"I think there's just one kind of folks. Folks."
N Ram, The Hindu Publishing Group Chairman, said on Wednesday, March 6, that they cannot be forced by anyone to reveal the confidential sources from whom they got the Rafale documents. They further clarified that they are all protected and that did not steal anything. Mentioning the Rafale deal, he said that it was a done deal.
“We are fully protected by Article 19(1) A of the Constitution, the fundamental right of freedom of speech and expression and also by the Right to Information Act, specifically 8(1)(i) and 8(2), which override the Official Secrets Act,” he said, as reported by The Hindu.
He said that the first Rafale aircraft is coming in September, and the need to buy the jets or their quality are not being questioned by anyone. A series of articles have been written by N Ram on the Rafale deal, and he wrote the latest one on Wednesday, reported India Today.
Questions, however, will have to be raised on the decision making involved and the deal’s terms. “Is the new deal better than the old deal, whether there was any dissent or undermining on India’s negotiating position,” N Ram asked. He added that investigative journalism is what brought the Rafale deal to the fore, and that due diligence has been exercised by The Hindu in the investigation. What the government had withheld from the public, they published in public interest.
On February 8, N Ram had written in The Hindu that strong objections were raised by the Defence ministry to ‘parallel discussions’ that the Prime Minister’s Office conducted during the negotiations over the Rs 59,000 crore Rafale deal between France and India. Allegedly, it was based on Rafale deal-related documents.
The Supreme Court was told by the government that the documents related to the deal were stolen from the Defence Ministry, and that the theft is being investigated.
According to Attorney General KK Venugopal, the documents that had information on the pricing of the Rafales, which is topic of political debate, were stolen and provided to The Hindu to be published in their newspaper.
N Ram said that the Official Secrets Act, 1923 must be done away with, mentioning that “the OSA is an obnoxious piece of colonial legislation, which is anti-democratic and has rarely been used against publications in independent India.”
He further said that apart from The Hindu, much other independent news publication have come up with Rafale material. “And the very fact that the issue has been covered in a big way shows that the blanket of silence that some would like to be imposed on this matter has been breached,” he said.
The documents related to the Rafale deal have been stolen from the Ministry of Defence, presumably by a public servant, said Attorney General of India KK Venugopal today to Supreme Court. Attorney General Venugopal said that the important documents regarding the pricing of the deal were stolen from ministry files and given to The Hindu newspaper for publishing. Currently, the Supreme Court is hearing a review petition on clean chit given by the court to the central government on Rafale deal.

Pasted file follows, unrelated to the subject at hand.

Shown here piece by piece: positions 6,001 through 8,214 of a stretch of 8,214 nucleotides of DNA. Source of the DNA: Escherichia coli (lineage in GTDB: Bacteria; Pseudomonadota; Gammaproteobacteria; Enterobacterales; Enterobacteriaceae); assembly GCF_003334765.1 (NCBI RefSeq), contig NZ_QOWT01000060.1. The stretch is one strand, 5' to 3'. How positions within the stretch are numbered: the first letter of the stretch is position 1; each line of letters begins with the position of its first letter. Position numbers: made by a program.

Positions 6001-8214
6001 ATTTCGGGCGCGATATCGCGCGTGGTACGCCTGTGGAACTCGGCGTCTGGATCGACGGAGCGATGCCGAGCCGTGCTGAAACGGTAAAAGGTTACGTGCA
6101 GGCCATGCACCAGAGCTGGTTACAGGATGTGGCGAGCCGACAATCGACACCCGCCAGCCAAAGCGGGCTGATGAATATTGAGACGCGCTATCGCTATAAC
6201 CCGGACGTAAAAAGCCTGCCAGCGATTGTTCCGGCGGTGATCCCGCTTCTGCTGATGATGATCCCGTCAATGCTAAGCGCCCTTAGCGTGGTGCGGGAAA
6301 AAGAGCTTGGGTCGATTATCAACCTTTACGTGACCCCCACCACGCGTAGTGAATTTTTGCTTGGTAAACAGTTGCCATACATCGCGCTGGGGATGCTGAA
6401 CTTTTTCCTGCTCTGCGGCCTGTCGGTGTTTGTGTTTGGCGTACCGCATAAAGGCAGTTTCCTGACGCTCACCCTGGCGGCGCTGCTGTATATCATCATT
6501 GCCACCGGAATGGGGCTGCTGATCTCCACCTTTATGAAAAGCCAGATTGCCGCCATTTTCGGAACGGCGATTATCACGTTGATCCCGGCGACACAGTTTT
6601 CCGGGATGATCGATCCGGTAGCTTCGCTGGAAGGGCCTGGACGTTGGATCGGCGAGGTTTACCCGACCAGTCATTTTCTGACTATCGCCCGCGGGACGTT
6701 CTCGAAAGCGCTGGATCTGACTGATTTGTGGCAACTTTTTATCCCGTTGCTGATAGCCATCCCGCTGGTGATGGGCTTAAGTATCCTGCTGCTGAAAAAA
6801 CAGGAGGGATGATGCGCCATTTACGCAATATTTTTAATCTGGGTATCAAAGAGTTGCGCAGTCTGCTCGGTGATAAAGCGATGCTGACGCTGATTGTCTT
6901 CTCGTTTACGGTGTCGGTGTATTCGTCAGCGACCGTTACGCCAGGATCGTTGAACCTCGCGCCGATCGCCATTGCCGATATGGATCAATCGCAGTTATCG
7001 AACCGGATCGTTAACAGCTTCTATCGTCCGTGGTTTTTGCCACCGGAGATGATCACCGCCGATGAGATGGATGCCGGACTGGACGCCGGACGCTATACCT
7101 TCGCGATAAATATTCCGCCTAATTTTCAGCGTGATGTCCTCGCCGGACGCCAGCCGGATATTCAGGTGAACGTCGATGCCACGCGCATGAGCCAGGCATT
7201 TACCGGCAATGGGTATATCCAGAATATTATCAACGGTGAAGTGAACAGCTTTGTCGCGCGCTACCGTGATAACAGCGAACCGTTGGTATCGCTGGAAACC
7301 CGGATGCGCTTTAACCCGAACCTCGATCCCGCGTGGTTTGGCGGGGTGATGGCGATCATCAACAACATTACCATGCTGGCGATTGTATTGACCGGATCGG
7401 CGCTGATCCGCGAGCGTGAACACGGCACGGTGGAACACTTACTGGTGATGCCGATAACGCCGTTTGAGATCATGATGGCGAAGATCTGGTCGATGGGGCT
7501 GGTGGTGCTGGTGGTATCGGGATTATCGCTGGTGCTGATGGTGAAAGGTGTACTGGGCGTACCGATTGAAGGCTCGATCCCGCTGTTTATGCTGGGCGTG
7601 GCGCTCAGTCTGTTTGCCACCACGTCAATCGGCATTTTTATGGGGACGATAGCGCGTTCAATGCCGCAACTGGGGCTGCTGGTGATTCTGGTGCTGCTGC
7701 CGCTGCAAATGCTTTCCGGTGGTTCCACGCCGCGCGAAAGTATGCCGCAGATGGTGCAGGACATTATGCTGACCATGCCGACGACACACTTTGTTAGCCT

N Ram, Chairman of The Hindu Publishing group earlier broke news about the serious inconsistencies in the Rafale deal through a series of articles.
Representing the central government, Attorney General Venugopal told the apex court, “These documents were stolen from the Defence Ministry either by former or present employees. These are secret documents and can’t be in the public domain.”
To this, the Chief Justice of India Ranjan Gogoi asked what action was being taken in this regard. AG said that investigations are underway as to know how documents were stolen. As reported by NDTV, he further accused The Hindu of relying on these “stolen” classified documents for publishing the newsbreak. “It is a criminal offence. We are objecting preliminary because secret documents can’t be annexed with the petition. Review and perjury petitions must be dismissed,” he added. AG said the petitioners including Prashant Bhushan were violating the Official Secrets Act by relying on classified documents.
The Hindu published several article reporting several inconsistencies in the Rafale Deal. These reports were said to be based on several governmental documents. The first report said that the Prime Minister’s Office held parallel negotiation with the French side, another report, again by the daily said that the PM Modi-led government waived critical provisions for anti-corruption penalties. The report also said that the central government overruled the recommendations of making payments through an escrow account (an important safeguard in the absence of a sovereign or bank guarantee) days before the deal was signed.
PM Modi government’s Rafale deal for 36 flyway aircraft was not better than the previous government’s 126 aircraft deal, said the three senior Defence Ministry officials who were the domain experts on the seven-member Indian Negotiating Team (INT). This was unveiled in another report by The Hindu as part of their series on the Rafale Deal.
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